The Yankees seem to have a penchant for latching onto a player who, despite ongoing deficiencies, they believe in. They have another one…
The Yankees, following two more errors by their shortstop Gleyber Torres during the Subway Series with the Mets, one of which led to three unearned runs, announced that Torres is now their second baseman.
Gallantly or not (it’s hard to tell), Torres acknowledged that “I’ve made too many errors at shortstop, and this is the best move for the team.”
According to Baseball-Reference, Gleyber Torres has yet to display adequacy in the field, but clearly, he is far more deficient when playing at shortstop.
As the table indicates, Torres gets below-average marks at both shortstop and second base in Defensive Runs Saved, but the best of the worse for the Yankees is to have Torres at second base.
The willingness by Aaron Boone or, if you are a cynic, Yankees brass forcing Boone to make the change, either way, is an indication that the Yankees believe they are a better team with Torres in their lineup.
This, despite the need to completely upheave the Yankee’s infield, forcing a move to third base by DJ LeMahieu, Tyler Wade, or Gio Urshela to shortstop, while still allowing for at-bats by Anthony Rizzo and Luke Voit at first base, though on a platoon basis.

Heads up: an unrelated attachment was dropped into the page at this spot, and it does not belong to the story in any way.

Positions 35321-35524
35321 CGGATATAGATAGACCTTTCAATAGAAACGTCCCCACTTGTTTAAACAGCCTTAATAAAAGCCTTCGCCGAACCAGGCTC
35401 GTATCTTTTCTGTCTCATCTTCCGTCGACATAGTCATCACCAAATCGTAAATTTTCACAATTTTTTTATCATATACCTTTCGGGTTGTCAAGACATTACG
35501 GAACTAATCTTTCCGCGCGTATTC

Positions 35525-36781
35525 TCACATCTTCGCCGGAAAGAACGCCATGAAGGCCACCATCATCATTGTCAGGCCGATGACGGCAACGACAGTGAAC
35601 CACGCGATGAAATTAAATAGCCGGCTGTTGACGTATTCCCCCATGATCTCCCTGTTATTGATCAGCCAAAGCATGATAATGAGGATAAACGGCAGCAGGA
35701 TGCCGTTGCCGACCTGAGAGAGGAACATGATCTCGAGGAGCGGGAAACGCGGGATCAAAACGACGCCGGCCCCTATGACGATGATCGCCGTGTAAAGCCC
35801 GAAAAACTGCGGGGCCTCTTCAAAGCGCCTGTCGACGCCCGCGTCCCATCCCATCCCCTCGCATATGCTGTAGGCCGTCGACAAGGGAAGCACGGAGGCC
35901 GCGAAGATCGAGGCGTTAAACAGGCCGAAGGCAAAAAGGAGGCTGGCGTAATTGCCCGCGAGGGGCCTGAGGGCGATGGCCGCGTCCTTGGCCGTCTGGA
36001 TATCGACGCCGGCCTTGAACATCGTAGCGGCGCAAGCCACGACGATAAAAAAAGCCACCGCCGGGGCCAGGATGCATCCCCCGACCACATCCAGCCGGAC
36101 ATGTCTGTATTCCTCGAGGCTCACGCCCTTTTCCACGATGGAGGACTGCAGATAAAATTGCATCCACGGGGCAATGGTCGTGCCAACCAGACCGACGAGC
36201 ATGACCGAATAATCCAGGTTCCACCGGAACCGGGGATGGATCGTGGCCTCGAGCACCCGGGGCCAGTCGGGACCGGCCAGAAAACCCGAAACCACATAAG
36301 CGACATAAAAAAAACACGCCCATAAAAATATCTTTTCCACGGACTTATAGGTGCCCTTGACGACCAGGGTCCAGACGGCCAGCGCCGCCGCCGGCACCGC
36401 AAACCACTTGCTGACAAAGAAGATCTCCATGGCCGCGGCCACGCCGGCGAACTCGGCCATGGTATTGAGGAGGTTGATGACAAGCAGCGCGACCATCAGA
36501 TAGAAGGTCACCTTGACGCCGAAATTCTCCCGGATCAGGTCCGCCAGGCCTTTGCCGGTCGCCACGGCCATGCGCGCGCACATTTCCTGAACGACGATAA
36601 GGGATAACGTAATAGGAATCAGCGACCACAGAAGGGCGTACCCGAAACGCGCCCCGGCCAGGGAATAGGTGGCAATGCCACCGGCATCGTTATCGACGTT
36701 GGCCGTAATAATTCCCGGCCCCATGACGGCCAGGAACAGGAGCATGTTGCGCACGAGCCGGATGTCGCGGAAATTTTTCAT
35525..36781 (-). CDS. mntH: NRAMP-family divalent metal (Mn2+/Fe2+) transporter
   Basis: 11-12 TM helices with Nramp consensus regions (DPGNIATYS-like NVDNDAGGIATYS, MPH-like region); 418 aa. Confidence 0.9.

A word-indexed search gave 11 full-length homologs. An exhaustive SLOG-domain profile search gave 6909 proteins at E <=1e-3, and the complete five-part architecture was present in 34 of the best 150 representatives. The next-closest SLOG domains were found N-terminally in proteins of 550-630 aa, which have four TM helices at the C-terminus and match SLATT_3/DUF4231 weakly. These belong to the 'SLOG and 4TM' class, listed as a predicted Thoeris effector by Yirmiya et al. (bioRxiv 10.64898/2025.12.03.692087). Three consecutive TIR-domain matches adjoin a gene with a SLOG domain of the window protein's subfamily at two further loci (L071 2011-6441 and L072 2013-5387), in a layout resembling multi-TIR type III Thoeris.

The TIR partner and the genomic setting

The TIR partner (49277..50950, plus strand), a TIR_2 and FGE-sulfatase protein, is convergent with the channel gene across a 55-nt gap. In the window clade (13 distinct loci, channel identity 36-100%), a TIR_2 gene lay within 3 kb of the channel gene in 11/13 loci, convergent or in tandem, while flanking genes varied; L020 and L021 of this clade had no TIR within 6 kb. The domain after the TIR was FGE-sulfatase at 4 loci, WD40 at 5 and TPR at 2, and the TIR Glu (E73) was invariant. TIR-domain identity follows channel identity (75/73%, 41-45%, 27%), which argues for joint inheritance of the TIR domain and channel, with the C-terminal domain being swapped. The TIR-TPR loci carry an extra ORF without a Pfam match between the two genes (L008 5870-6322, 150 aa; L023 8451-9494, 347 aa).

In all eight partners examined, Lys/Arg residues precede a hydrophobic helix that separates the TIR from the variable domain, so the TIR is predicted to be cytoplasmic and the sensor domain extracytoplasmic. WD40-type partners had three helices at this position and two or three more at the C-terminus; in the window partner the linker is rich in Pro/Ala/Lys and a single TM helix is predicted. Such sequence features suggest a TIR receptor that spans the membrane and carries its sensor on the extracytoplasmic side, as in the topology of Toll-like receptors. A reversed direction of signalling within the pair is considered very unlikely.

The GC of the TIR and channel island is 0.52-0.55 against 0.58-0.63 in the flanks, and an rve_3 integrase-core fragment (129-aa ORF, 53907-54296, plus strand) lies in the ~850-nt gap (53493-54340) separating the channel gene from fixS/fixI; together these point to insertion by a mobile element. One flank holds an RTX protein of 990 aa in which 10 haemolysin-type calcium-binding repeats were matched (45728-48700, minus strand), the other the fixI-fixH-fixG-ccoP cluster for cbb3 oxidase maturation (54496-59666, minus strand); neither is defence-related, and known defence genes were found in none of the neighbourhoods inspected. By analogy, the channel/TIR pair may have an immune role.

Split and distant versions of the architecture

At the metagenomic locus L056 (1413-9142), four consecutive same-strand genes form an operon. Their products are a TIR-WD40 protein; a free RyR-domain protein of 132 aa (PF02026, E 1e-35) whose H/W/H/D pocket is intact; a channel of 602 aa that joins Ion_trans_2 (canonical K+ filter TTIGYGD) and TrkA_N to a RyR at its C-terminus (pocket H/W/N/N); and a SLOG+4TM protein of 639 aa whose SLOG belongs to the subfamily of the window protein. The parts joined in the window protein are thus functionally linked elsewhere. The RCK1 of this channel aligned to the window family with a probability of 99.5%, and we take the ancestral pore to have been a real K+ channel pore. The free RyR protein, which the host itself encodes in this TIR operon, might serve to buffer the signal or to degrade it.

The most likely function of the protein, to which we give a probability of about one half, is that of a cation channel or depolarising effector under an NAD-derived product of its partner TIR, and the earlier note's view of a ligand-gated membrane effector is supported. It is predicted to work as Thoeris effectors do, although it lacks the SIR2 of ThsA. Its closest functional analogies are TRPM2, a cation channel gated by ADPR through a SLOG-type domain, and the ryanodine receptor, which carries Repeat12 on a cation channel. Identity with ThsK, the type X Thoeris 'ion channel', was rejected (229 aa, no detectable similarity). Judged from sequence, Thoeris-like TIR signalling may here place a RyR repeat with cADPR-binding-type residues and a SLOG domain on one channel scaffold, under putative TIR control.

Yankees: We’ve Seen This Before
As fans, we settle into the reality that the Yankees make the calls, and then we stand by to see the results.
Clearly, the pressure is off Gleyber Torres, and the hope is his bat will pick up to match his production offensively during the 2019 season. We’ll see.
But the theme breaking through is that the Yankees have found themselves another Favorite Son they are committed to – no matter what.
The Yankees poster boy for a favorite son has been and continues to be their catcher Gary Sanchez.
Yankees: Living With The Good And The Bad
As far back as October 2019, I’ve questioned the wisdom of the Yankees’ commitment to Gary Sanchez.
As time progressed, results similar to what we’ve seen over the past few days continue to cloud the picture.
Inexplicably, Gary Sanchez did not apply a tag to a Mets runner trying to score over the weekend, despite receiving a perfect throw with the runner only halfway toward the plate.
Aaron Boone, though not admitting it, gave Sanchez a seat on the bench the following day as a “bad boy” slap on the wrist.
Yesterday, the other shoe dropped, though, when Sanchez, a .210 hitter this year with 21 HR’s, 50 RBI, and a strikeout rate of 4:1, slapped a walk-off single to right field, leading the Yankees to a much-needed win over the Minnesota Twins.